The Fear of Mordecai
And all the rulers of the provinces, and the lieutenants, and the deputies, and officers of the king, helped the Jews; because the fear of Mordecai fell upon them. ~Esther 9:3
Are you someone who roots for the underdog, where one of two opposing sides does not seem to have the resources, size, or means to beat his opponent? In the Book of Esther, Mordecai is seen as the underdog throughout most of the story. His very name means “little man.” He was of the tribe of Benjamin and could trace his roots back to Kish. In spite of the odds being very much against him, he encourages us on how the underdog wins again.
We see Mordecai and his values.
He was a man of biblical convictions. He had convictions about the family. Esther’s parents had died prematurely, and Mordecai adopted her as his own daughter. He was like a father to her. He ingrained her with godly values. He had a conviction about his heritage. He was a Jew living in Persia under the fourth Persian ruler, King Xerxes. He made it evident that he was known for his worship of God. If we are going to do anything great for God, we must be men and women who have strong biblical convictions. Determine today to have convictions about your faith and about what you believe.
We see Mordecai and his voice.
He spoke up at the right time. He was the one who encouraged Esther to be a candidate for the queen of Persia. Even while she was in preparation for this, he always had something encouraging to say to her. He was the one who overheard a plot to assassinate the king and immediately told the king’s men about this. His voice saved the king’s life. Had he remained silent, the king would have been killed. His voice saved a man’s life. He was the one who told Esther of Haman’s plot to exterminate the Jews out of the kingdom. He strongly advised her that if she did not use her influence in the right way, it would be bad for everyone else. We need Mordecai’s who speak up for the gospel. We need Mordecai’s who are voices crying out for the souls of men.
We see Mordecai and his valor.
Haman was a wicked man who connived his way to the position that he held. He instilled a fear into the people of the kingdom to bow to him: fear was instilled into all but one man, Mordecai. Mordecai would not bow to a God-hating pagan. He would not bow even when gallows were made to hang him. He was a strong man of courage who did not flinch in the face of possible loss, even of his own life. We need courageous Christians who will not bow nor bend to the enemy.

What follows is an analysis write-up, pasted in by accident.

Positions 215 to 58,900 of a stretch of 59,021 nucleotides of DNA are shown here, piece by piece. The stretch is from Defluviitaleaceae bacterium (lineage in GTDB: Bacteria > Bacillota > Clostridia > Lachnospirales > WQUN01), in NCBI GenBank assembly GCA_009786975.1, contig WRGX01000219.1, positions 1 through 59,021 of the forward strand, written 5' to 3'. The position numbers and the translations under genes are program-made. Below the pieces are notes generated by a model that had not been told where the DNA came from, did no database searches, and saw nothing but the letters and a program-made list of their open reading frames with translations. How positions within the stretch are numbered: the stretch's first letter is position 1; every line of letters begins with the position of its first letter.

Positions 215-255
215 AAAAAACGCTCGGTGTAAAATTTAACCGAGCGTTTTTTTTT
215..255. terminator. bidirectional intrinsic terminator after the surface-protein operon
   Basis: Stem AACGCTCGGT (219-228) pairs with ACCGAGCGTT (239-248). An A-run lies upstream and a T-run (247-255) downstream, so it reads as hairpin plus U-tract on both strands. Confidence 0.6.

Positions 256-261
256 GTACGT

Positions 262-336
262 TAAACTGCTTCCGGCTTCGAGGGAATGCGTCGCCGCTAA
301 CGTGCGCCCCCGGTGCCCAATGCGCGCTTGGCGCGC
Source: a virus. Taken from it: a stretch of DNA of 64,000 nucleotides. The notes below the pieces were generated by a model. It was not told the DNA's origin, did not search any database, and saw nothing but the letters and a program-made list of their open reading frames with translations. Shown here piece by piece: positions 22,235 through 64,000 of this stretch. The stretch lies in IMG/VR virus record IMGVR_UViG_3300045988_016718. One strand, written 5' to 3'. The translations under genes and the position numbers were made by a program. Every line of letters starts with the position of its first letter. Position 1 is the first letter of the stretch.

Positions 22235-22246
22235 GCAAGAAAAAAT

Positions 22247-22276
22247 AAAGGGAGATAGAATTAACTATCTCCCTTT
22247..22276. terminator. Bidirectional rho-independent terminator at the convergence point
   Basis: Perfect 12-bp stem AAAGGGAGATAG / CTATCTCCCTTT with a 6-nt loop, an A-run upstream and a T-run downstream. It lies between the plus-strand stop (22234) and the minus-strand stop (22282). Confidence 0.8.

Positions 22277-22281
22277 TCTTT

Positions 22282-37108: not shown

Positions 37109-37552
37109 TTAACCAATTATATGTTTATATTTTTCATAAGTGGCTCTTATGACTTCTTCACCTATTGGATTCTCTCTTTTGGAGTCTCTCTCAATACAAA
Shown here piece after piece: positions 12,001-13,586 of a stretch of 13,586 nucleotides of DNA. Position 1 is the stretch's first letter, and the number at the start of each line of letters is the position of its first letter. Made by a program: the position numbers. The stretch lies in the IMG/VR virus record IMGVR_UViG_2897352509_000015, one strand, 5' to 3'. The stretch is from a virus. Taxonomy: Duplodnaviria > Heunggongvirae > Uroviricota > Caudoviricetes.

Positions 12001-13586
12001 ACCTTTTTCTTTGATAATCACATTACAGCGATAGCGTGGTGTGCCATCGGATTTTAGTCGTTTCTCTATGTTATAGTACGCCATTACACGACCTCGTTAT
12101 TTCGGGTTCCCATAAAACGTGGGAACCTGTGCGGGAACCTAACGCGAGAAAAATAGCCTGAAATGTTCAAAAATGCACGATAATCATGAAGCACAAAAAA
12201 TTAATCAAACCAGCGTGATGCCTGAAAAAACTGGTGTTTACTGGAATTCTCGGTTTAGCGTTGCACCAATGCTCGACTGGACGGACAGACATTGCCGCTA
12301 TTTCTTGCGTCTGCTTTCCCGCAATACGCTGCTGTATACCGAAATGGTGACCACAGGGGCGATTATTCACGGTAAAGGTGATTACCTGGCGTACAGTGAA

We see Mordecai and his validation.
God, in a powerfully invisible way, reversed Haman’s treacherous deeds. His plans backfired on him. The king discovered that Mordecai was the one who uncovered and reported the plot to kill the king. The king sought to greatly reward Mordecai. It was Haman who wound up bowing to Mordecai! It was Haman who was uncovered as the wicked villain. It was Haman who wound up being hanged on the very gallows that he had built for Mordecai. God vindicates and validates us when we are living right.
We see Mordecai and his victory.
In an incredible reversal of things, King Xerxes recognized and exalted Mordecai. Through Esther’s intervention, a new law was made to set the Jews free from being killed. It was their enemies who were now in trouble. Mordecai was made an important man of prominence in the kingdom. The testimony of this man and the faith of the Jews became an evangelistic magnet that drew many within the Persian kingdom to the Lord. See Esther 8:17.
Yes, the underdog wins again! A little man, who really was a big man, helped to save an entire nation from bloodshed. He possessed an unusual character that inspired a message and a movement. You are never too small or insignificant for God to use. Little is much when God is in it!
Have a faith-inspired God Morning!
Bible Reading Schedule: Jeremiah 30-31